40. Finally, we consider whether any exceptions under section 232.116(3) weigh against termination. See id. at 41. The father concedes the statutory grounds for termination. Thus, we consider the final two steps in this analysis.
A. Section 232.116(2)
The father contends termination is not in the children's best interests. To determine whether termination is in the children's best interest, we must "give primary consideration to the child's safety, to the best placement for furthering the long-term nurturing and growth of the child, and to the physical, mental, and emotional condition and needs of the child." Iowa Code § 232.116(2).
We give deference to the juvenile court's finding that the father's severe and chronic substance abuse issues make him a danger to himself and to others. See H.S., 805 N.W.2d at 745. Prior to the father's incarceration, he had no involvement in the children's lives. At the time his children were adjudicated in need of assistance in September 2011, the father was incarcerated for delivering methamphetamine, and testing positive for the use of a controlled substance in violation of his probation. Prior to the termination hearing, the paternal grandparents had taken the children to visit the father in prison approximately ten times. At the time the juvenile court ordered termination, the father had still never completed a substance abuse treatment program.
A parent must take personal responsibility for the circumstances leading to incarceration and resulting in their inability to parent. In re J.L.W., 523 N.W.2d 622, 624 (Iowa Ct. App. 1994). "Insight for the determination of the child[ren]'s long-range best interests can be gleaned from 'evidence of the parent's past performance for that performance may be indicative of the quality of the future care that parent is capable of providing.'" In re A.B., 815 N.W.2d 764, 778 (Iowa 2012) (internal citations omitted). In light of the father's limited contact with the children, significant substance abuse issues, and current incarceration, we find it is in the children's best interest to terminate the father's parental rights.
B. Section 232.116(3)
The father alleges the parent-child bond weighs against termination. The court need not terminate the father's parental rights, if "[t]here is clear and convincing evidence that the termination would be detrimental to the child at the time due to the closeness of the parent-child relationship." Iowa Code § 232.116(3)(c).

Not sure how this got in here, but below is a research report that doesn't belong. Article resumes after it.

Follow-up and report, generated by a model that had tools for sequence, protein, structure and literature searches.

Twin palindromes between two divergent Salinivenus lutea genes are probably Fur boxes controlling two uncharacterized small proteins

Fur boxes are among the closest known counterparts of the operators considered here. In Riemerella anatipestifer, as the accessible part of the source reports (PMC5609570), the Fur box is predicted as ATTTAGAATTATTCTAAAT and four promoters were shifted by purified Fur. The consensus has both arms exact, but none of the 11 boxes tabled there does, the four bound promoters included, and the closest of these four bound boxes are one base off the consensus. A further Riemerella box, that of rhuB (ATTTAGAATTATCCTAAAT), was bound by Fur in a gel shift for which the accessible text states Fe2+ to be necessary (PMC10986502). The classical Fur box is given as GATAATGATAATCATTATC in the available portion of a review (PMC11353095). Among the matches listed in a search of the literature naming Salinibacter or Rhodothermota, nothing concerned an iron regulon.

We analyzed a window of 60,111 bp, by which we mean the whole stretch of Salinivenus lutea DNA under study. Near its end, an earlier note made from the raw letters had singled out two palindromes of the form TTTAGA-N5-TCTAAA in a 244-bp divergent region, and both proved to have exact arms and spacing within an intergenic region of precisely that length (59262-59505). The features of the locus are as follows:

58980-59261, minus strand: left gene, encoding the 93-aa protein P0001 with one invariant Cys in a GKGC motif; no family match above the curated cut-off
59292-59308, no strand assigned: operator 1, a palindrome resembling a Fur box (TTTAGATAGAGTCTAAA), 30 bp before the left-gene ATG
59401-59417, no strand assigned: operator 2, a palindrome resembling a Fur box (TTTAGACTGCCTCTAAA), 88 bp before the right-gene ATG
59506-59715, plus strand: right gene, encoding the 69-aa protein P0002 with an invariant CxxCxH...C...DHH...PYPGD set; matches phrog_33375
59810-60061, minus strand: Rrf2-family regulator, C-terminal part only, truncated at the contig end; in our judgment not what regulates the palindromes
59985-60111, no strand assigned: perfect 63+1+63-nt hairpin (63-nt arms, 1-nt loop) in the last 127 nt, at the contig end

Prior to incarceration, the father had no involvement with C.M. and K.M. He testified by phone the children only know he is their father "to an extent." At the time of the termination proceedings, he had less than eighteen hours of supervised visitation with the children at the Newton Correctional Facility. We find the parent-child bond is insufficient to prevent termination in this case.
The father contends the children's temporary placement with the paternal grandparents pursuant to the permanency order weighs against termination. The court need not terminate parental rights, if "[a] relative has legal custody of the child[ren]." Id. § 232.116(3)(a).
The children must not be made to await the structure, consistency, and permanency they deserve. See In re D.J.R., 454 N.W.2d 838, 845 (Iowa 1990) ("We have long recognized that the best interests of a child are often not served by requiring the child to stay in 'parentless limbo.'"). Placement with a relative pursuant to a permanency order is not legally preferable to termination of parental rights. In re L.M.F., 490 N.W.2d 66, 66--67 (Iowa Ct. App. 1992). The father is serving a ten-year-maximum jail sentence. The father testified it was not fair to the children to await permanency while he served out his term. Meanwhile, the grandparents are willing and able to seek adoption. Upon our de novo review, we find the section 232.116(3)(a) exception does not prevent termination in this case.
We find it is in the children's best interest to terminate the father's parental rights, and no exceptions under section 232.116(3) prevent termination. Accordingly, we affirm.